1. the jay train
    January 23, 2017 @ 8:53 am

    Personally, I always smile and think “(S)He’s one of us.”
    I may or may not try to catch the parents eye so they can see the support in mine.


  2. Dottie Irwin Melko
    January 23, 2017 @ 10:00 am

    Oh you have spoken to my heart!! My grandson is 16 & awesome!!! But I remember the days he was a “runner”, & he banged his head so often he developed a bump on his forehead. He lives in video game land & movies, but he is mainstreamed in school, sings in the high school choir, & is loved by his classmates!! He looks no different than you & I. He will now smile at you then quickly look over your shoulder; about a minute of direct eye contact is all he can do, but you’ll never realize he’s not looking straight at you!! We too hold hands crossing the street. Or he walks very close to me where I can direct him with a nudge or a quiet comment.
    Questions I love to answer & he will answer you too. His answer is usually that yes he is autistic but it does not define him! Go Brandon!!


  3. qwietpleez
    January 23, 2017 @ 11:23 am

    Every word went straight to my heart . . . My boys, my oldest two, 24 and 27 – are autistic. They are men. Men who still call me mommy and hold my hand and need me in a way most men no longer need their mommas. People look, they form judgments, wrong ones. They, like your son, are amazing works of art I am proud to display. I wish everyone could see what I see, how each stroke, each color paints a picture of perfection, just a different kind of perfection they are used to ❤️


  4. andieq1950 Andrea Quintanilla
    January 23, 2017 @ 1:00 pm

    I tell people about my 12 year old grandson, who also has autism. How he has progressed through the years, because as soon as he was diagnosed at 2 and 1/2 he was put in school. He and us learned sign language, so we could communicate. Austin, TX has an excellent school program and through the years of speech therapy and other clases he now talks and is in regular classes. It has been a long and hard process and it will continue through the years. We love him and are very proud of him.


  5. Mary Beth Danielson
    January 23, 2017 @ 3:06 pm

    Today I wrote my response to you on my website. I read you every week – and every week I am reminded to turn off useless opinions about people in order to really see and pay attention to humans being human.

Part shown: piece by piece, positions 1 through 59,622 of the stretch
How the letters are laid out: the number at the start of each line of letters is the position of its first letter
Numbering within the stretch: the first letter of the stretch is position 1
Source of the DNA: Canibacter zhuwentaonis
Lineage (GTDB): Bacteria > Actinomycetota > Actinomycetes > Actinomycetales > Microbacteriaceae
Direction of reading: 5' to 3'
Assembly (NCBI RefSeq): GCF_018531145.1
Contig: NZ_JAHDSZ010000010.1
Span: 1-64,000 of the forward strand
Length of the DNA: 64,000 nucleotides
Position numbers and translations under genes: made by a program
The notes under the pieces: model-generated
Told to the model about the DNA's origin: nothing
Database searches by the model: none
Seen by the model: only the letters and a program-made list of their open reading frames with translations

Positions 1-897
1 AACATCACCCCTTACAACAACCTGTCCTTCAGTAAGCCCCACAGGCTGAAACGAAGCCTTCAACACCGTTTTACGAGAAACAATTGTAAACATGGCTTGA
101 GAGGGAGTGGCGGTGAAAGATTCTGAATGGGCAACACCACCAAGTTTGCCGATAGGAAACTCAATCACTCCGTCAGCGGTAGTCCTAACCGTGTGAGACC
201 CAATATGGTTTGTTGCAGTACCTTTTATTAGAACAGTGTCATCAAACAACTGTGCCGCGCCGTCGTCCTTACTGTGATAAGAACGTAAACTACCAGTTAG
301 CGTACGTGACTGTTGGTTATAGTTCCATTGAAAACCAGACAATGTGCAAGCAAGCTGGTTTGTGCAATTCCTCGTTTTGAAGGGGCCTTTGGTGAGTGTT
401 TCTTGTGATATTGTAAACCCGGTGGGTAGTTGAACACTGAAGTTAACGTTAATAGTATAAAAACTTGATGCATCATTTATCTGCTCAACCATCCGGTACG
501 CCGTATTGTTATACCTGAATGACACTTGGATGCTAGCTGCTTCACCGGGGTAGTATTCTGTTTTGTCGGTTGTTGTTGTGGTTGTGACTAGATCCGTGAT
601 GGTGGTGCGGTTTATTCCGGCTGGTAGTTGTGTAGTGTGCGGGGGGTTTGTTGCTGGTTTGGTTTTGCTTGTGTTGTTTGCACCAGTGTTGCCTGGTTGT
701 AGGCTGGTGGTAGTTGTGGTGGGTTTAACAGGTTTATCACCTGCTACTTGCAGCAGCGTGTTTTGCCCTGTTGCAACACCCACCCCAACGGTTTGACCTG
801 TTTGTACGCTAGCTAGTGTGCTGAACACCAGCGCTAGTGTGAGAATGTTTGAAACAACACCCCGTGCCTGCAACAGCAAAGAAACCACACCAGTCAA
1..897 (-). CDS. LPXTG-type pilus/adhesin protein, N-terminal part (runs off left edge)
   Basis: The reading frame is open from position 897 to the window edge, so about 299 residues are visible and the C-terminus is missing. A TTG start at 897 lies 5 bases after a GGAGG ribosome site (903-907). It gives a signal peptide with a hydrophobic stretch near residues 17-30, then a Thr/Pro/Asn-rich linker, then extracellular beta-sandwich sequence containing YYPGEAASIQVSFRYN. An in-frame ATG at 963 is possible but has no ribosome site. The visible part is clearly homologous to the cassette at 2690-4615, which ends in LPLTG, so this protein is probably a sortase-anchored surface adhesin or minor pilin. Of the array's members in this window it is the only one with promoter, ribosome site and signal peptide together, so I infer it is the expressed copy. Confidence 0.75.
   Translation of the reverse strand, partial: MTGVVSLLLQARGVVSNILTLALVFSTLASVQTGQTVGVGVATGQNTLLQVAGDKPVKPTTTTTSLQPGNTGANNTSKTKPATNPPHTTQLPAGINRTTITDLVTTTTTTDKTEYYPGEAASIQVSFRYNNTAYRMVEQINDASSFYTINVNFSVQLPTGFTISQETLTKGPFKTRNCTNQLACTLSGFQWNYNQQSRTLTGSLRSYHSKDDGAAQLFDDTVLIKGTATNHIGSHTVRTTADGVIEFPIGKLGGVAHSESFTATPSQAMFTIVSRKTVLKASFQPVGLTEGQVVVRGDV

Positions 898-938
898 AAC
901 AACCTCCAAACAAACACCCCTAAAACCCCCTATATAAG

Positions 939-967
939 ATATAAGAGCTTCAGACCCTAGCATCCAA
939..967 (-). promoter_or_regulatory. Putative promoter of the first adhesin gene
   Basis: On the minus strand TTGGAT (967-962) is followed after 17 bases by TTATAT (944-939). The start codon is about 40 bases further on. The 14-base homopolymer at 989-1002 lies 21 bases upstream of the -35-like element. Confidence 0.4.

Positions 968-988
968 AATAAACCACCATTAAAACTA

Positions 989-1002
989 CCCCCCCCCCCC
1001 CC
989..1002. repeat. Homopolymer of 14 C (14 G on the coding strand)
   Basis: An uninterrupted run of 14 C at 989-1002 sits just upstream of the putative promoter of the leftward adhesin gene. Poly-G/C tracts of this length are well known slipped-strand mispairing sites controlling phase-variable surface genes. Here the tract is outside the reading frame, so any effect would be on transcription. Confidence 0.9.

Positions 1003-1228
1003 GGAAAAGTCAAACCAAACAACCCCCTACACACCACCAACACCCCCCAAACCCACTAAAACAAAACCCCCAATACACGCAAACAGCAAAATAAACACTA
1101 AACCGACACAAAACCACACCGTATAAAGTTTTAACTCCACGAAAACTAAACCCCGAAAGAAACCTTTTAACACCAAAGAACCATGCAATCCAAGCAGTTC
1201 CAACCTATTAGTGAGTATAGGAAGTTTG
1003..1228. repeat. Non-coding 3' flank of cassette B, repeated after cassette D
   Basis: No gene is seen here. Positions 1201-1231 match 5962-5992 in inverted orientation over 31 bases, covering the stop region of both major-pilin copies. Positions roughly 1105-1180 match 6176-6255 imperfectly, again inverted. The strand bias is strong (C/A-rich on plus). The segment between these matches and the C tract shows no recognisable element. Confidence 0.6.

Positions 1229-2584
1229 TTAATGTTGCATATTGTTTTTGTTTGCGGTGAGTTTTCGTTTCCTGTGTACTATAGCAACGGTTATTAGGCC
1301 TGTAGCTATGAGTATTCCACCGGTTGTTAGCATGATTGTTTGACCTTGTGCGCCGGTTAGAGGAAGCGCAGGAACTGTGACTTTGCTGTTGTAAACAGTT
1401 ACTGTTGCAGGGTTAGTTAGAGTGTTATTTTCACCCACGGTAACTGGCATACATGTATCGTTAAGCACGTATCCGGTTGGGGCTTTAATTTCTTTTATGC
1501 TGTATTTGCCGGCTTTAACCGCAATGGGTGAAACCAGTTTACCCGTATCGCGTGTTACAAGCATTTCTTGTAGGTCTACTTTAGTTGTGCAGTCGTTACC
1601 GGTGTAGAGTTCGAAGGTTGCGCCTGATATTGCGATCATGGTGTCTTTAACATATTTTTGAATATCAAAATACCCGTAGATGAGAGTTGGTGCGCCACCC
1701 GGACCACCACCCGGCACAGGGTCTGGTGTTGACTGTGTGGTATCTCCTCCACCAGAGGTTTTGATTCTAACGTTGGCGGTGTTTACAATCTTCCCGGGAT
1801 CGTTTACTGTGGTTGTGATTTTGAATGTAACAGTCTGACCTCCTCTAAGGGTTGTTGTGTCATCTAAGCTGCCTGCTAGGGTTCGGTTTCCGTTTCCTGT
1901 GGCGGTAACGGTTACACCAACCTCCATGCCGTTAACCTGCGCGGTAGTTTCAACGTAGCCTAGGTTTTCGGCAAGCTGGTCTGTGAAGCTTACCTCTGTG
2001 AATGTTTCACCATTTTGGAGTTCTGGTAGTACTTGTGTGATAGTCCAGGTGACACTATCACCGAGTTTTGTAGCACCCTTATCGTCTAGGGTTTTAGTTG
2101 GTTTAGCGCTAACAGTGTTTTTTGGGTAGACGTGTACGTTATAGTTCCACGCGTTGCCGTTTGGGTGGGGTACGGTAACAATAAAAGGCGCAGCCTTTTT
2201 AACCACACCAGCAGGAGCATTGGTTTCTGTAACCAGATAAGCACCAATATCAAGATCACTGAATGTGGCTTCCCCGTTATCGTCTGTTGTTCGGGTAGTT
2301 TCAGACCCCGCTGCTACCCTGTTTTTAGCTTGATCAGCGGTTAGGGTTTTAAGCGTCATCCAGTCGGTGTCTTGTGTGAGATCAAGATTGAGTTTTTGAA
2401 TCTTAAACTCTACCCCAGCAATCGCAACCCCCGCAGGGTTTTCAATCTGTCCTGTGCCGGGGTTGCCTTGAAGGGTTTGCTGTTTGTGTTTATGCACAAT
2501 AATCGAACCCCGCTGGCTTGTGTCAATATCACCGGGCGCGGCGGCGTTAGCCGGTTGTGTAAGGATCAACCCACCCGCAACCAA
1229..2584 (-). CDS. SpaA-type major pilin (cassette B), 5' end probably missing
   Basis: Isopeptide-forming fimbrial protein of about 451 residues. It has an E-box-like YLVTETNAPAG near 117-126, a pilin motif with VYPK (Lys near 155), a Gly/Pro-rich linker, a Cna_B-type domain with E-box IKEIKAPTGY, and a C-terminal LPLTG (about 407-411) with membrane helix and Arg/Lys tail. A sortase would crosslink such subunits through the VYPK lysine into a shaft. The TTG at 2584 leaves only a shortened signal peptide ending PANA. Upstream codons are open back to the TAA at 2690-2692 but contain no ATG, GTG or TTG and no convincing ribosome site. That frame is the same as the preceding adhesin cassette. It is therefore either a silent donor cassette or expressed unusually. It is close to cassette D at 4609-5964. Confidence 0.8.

6. Glenna Toyne
    January 23, 2017 @ 6:55 pm

    So beautifully written Carrie. X. When I see the Jacks of this world, yes, maybe at times I do look but it’s with love and concern. I want to wrap them up and take away all the hurt and confusion. I have seen a mothers face relax when I’ve offered a few understanding words.

    Today is the third year we have been without my beautiful grandson, he had Asperger syndrome, he was and is so very loved and like Jack, Interesting and funny and smart and handsome.

    Sending much love to you and your amazing family xxx


  7. Janet (grandmother) God Bless
    January 25, 2017 @ 12:35 pm

    I recently watched a Father and Mother at a gym to see a younger son play basket ball. Along with an older son with Autism. He stayed on his Dad’s lap as well as moms. About the age of my 17 yr grandson with autism. As much as they would have enjoyed the game their attention was all on the older boy. I looked over once or twice and admired they way they interacted with him. He played with moms hair and kept kissing his father and took up much of their attention. My heart went out to them and yet they were never unnerved by his actions. I thought of you and all the other parents God entrusted with their lives. What special people to be chosen. It is hard but the love, understanding, and courage from all of you is amazing. Once again God Bless you all.


  8. Carol Casavant
    January 25, 2017 @ 5:05 pm

    I love your posts…thank you…!!


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